We are all familiar with the term “fake news.” For those of us who are not inclined to believe everything we see and half of what we hear, this means extra time in our searches to check sources and review everything we read for accuracy. It’s a sad and scary indictment on our society. Enough said.
The problem is that, like everything else, once news, real or fake, hits the internet it is picked up by believers and spreads like a, well virus! So, who do we blame for the “virality?” Social media? Search engines? I suspect we can say all of it. Twitter, Facebook, Google+, Google are all doing what they’re supposed to do, share information. Those of us, regardless of our political perceptions, who are sick and tired of fake news and trying to filter out the facts from fiction (or hyperbole) will be happy to hear that Google and Facebook have heard our pleas (read outrage) regarding the proliferation of fake news through their mechanisms and are working to fix this problem. Google’s new update (out in late April) called “Project Owl” and Facebook policy updates that use the algorithm already in place for “click bait” posts and more recently by hiring certified fact checkers.
Fake News and Google
Project Owl is the newest update Google implemented in April that “gives consumers two new ways to report what they perceive as problems in the search results. The company is also using teams of humans as part of an effort to get its algorithms to show more reliable information.” (Source: Fortune Article) What this means is that Google has update the auto-complete function in their search bar to give consumers the option of flagging false or inappropriate results. If the report link is clicked a popup window opens for providing feedback. Additionally, the search engine will start ranking higher a site with “more authoritative” information rather than basing ranking on the popularity of a website. “More authoritative” can be seen as objective, but google is also hiring high quality raters to review results. Between that and the human interface, there have already been changes to the results. This is good news, but for another viewpoint and thoughts about the effect the Project Owl update will have on website owners, see this article from Search Engine Watch.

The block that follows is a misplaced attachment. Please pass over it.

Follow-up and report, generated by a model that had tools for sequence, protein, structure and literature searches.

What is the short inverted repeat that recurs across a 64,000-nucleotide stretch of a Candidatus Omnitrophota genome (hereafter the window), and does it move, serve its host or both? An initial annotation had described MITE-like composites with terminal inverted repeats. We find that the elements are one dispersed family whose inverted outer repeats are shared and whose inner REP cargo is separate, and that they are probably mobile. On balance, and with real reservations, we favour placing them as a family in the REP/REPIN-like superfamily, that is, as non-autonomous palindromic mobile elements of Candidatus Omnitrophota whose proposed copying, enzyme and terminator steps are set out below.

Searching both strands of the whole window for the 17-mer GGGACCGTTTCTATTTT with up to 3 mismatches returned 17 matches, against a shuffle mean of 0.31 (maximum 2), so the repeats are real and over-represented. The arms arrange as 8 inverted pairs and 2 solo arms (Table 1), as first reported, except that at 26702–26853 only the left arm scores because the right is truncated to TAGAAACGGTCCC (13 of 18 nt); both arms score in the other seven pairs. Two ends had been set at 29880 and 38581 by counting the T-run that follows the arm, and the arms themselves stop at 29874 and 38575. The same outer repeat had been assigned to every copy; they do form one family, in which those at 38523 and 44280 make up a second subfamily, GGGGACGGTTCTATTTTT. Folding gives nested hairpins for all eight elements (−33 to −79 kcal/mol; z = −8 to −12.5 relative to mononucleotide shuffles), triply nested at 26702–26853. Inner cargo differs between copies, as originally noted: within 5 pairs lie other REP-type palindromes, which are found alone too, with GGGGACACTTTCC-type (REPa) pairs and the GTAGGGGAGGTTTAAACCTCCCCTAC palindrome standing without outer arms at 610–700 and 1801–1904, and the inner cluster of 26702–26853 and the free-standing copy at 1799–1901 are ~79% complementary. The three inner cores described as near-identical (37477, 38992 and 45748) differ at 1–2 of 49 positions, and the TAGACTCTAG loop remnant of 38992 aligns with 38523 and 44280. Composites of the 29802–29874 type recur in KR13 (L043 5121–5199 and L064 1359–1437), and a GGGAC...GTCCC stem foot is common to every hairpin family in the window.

Facebook and Fake News
Facebook had already started to work on unwanted content, specifically “click bait,” or those intriguing headlines that that entice users to click only to find that the article is really an advertisement or not the expected story. In the face of angry users clamboring for solutions to the fake news infestation, Facebook is now using their algorithm along with user input to weed out fake news as well. But on top of that they are partnering with fact checkers in the US and abroad to flag posts that are fake news.
I understand that Twitter is on the move to try and provide a platform for users to report fake news as well.
I’m interested in seeing what the outcome is from the attempt to tamp fake news, is it truly possible? I’m not completely sure it is and I would be interested in finding out your thoughts about it. Do you think, given that there are so many various opinions, perceptions and objectives, that we can find the real truth–is there a real truth?